A local economic index came in unchanged again in October, leaving the gauge essentially flat during the last eight months and prompting new questions about which direction San Diego County’s economy may be headed in the near term.
Positive components outnumbered negative ones in the latest update of the USD Burnham-Moores Center for Real Estate’s Index of Leading Economic Indicators. Consumer confidence registered the biggest gain, while prices of local stocks declined the greatest.
Comments accompanying an index summary released Nov. 30 suggested local job growth looks positive in 2017 “but not enough to push the local unemployment rate much lower than the current level.” The rate was a seasonally adjusted 4.8 percent in October, slightly better than the 5.1 percent reported a year earlier, according to the state Employment Development Department.
“Whether the next major move is a surge to the upside or a plunge downward is uncertain at this point,” the commentary stated. “The recovery, both nationally and locally, has gone on for a long time and may be getting long in the tooth.”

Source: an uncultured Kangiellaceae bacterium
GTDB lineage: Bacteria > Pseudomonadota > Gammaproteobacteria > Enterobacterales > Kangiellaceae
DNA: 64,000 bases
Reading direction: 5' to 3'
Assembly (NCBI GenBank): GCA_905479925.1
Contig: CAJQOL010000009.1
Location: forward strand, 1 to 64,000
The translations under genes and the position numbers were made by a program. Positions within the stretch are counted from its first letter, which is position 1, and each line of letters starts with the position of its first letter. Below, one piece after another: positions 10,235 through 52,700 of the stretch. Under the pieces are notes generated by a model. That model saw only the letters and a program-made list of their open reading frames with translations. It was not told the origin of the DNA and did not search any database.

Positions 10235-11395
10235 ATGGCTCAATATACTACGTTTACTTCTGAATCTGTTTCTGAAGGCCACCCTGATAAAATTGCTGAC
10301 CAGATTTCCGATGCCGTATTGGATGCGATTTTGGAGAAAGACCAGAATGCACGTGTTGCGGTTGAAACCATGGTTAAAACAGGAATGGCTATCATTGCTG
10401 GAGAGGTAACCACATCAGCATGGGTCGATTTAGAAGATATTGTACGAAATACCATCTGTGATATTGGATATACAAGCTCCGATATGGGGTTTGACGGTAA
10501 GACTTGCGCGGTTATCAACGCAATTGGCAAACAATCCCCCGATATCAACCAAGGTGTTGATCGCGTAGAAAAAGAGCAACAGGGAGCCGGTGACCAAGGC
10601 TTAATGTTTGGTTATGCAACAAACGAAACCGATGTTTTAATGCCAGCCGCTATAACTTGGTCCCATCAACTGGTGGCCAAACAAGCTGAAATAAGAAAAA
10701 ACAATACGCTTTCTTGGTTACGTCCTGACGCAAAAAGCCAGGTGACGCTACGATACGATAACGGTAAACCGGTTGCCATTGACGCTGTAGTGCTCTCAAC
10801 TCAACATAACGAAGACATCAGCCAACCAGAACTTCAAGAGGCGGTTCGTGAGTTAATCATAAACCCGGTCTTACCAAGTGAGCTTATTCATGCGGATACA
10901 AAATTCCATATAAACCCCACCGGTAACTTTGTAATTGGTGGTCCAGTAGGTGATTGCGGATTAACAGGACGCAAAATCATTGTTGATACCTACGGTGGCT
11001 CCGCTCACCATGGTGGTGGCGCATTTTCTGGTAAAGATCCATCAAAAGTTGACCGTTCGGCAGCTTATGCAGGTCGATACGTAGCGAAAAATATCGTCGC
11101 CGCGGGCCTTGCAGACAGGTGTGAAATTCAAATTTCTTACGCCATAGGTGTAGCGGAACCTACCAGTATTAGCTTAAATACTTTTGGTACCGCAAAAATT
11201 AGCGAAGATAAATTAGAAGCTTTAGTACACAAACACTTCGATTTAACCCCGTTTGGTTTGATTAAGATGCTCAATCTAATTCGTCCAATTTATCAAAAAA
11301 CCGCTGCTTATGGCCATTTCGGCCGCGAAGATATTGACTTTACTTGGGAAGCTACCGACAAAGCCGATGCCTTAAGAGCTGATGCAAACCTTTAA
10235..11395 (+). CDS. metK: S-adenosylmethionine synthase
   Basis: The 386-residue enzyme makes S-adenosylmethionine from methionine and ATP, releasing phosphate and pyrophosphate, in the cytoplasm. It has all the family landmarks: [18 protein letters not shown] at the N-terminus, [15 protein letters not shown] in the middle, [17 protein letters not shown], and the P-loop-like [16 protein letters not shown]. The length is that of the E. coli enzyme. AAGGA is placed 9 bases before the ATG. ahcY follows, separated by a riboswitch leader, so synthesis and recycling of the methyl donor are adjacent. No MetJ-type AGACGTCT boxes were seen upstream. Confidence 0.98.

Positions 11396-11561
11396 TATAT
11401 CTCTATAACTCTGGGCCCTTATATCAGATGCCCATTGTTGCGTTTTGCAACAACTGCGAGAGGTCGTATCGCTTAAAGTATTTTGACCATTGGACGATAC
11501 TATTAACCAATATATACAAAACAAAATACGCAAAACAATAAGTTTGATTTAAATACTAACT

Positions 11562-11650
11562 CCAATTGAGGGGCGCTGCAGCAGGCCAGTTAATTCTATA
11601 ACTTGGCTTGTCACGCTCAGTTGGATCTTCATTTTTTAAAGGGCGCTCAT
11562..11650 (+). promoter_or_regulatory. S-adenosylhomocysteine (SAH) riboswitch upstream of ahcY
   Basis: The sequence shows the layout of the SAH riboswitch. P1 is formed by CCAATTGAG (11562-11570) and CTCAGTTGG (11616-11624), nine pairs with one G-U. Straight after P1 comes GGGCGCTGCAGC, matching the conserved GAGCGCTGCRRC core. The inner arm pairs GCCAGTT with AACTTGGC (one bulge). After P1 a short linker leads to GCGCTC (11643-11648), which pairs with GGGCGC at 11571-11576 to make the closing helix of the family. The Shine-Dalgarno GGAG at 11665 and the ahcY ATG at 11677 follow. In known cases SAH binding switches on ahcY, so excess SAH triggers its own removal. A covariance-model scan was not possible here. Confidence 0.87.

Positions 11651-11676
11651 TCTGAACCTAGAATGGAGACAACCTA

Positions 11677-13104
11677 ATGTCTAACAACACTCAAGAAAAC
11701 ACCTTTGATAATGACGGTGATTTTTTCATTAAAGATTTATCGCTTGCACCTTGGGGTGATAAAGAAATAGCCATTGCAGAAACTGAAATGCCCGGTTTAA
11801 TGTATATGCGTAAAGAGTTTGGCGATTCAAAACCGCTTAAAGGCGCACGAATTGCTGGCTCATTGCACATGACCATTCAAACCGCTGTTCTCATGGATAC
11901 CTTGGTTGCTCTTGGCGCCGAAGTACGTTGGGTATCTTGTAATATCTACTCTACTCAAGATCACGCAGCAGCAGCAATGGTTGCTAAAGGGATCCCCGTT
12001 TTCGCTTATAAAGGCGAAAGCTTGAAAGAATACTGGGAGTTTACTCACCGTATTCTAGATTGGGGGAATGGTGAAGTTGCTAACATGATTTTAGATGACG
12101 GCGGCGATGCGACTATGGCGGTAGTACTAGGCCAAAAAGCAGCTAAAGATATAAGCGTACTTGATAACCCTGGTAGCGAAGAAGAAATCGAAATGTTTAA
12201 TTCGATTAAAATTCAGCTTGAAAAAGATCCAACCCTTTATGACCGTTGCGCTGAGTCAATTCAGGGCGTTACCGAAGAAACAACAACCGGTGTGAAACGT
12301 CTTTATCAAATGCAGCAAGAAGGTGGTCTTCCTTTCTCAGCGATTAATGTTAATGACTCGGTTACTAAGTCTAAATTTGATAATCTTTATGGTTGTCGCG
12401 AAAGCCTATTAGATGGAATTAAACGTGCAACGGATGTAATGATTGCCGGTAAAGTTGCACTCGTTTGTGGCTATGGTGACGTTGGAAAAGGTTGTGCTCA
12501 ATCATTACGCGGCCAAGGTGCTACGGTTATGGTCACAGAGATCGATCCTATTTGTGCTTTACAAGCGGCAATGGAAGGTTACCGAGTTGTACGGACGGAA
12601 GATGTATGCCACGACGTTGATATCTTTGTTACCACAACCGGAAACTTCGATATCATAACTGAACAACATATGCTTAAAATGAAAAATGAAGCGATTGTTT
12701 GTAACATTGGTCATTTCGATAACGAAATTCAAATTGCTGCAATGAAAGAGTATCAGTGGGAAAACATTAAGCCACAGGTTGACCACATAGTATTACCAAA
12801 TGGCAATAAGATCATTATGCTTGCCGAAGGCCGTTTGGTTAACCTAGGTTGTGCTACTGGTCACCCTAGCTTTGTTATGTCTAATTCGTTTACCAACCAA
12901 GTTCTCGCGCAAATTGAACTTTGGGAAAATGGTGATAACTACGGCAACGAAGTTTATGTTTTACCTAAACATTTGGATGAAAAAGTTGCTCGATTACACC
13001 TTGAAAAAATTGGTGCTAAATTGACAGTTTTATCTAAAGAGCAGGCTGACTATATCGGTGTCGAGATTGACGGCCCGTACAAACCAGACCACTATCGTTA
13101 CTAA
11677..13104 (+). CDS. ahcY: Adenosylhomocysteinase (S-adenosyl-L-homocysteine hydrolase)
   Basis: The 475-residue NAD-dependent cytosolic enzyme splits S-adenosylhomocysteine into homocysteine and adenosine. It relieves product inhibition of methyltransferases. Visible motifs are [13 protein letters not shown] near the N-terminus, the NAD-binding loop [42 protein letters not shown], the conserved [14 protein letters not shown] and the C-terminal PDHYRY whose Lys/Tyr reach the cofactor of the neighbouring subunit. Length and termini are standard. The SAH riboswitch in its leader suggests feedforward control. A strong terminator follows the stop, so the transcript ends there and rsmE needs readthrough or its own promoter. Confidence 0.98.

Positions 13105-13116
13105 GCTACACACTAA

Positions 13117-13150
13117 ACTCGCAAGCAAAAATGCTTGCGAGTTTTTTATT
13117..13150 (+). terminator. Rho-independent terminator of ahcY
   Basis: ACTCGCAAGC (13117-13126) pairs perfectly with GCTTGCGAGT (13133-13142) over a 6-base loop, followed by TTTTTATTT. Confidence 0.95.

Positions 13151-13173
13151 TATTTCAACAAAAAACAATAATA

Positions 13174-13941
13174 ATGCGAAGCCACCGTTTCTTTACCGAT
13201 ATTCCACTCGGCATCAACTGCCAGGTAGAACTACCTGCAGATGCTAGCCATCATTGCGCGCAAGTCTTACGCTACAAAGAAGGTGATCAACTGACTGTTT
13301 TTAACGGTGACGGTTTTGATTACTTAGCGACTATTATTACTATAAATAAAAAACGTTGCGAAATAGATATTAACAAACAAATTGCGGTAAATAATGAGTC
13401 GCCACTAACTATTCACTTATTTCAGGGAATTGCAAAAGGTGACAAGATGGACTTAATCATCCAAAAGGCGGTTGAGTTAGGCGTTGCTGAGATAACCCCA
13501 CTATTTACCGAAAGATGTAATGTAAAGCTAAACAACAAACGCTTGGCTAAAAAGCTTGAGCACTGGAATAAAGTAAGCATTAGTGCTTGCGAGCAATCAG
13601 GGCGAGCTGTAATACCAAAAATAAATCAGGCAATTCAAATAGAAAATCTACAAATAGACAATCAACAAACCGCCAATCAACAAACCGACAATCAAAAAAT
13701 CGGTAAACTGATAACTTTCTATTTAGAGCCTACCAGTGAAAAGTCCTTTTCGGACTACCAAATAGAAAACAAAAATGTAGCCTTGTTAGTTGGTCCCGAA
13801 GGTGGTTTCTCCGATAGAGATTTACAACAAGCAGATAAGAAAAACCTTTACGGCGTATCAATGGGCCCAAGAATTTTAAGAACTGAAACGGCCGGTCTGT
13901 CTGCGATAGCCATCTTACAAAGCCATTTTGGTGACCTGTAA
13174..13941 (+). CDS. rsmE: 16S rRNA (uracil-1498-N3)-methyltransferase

The commentary went on to say a likely rate increase by the Federal Reserve and weakness in the global economy pose risks that may be moderated domestically by low gasoline prices.
New housing construction permits were up in the region, according to the index, which noted the figure was driven by multi-family residences that provide less economic benefit than single-family homes but which nevertheless help alleviate the housing affordability challenges plaguing local employers.
The index showed initial claims for employment posted a slight improvement in October, but that help-wanted advertising continued to be weak.
Consumer confidence was up for the fourth consecutive month, while local stock prices closed the month lower, snapping a four-month string of increases. The national Index of Leading Economic Indicators advanced in October, but not by much.
The index rose dramatically during late 2014 and early 2015 but has changed relatively little in 2016. During the 12 months ending in October it increased by about one-third of 1 percent.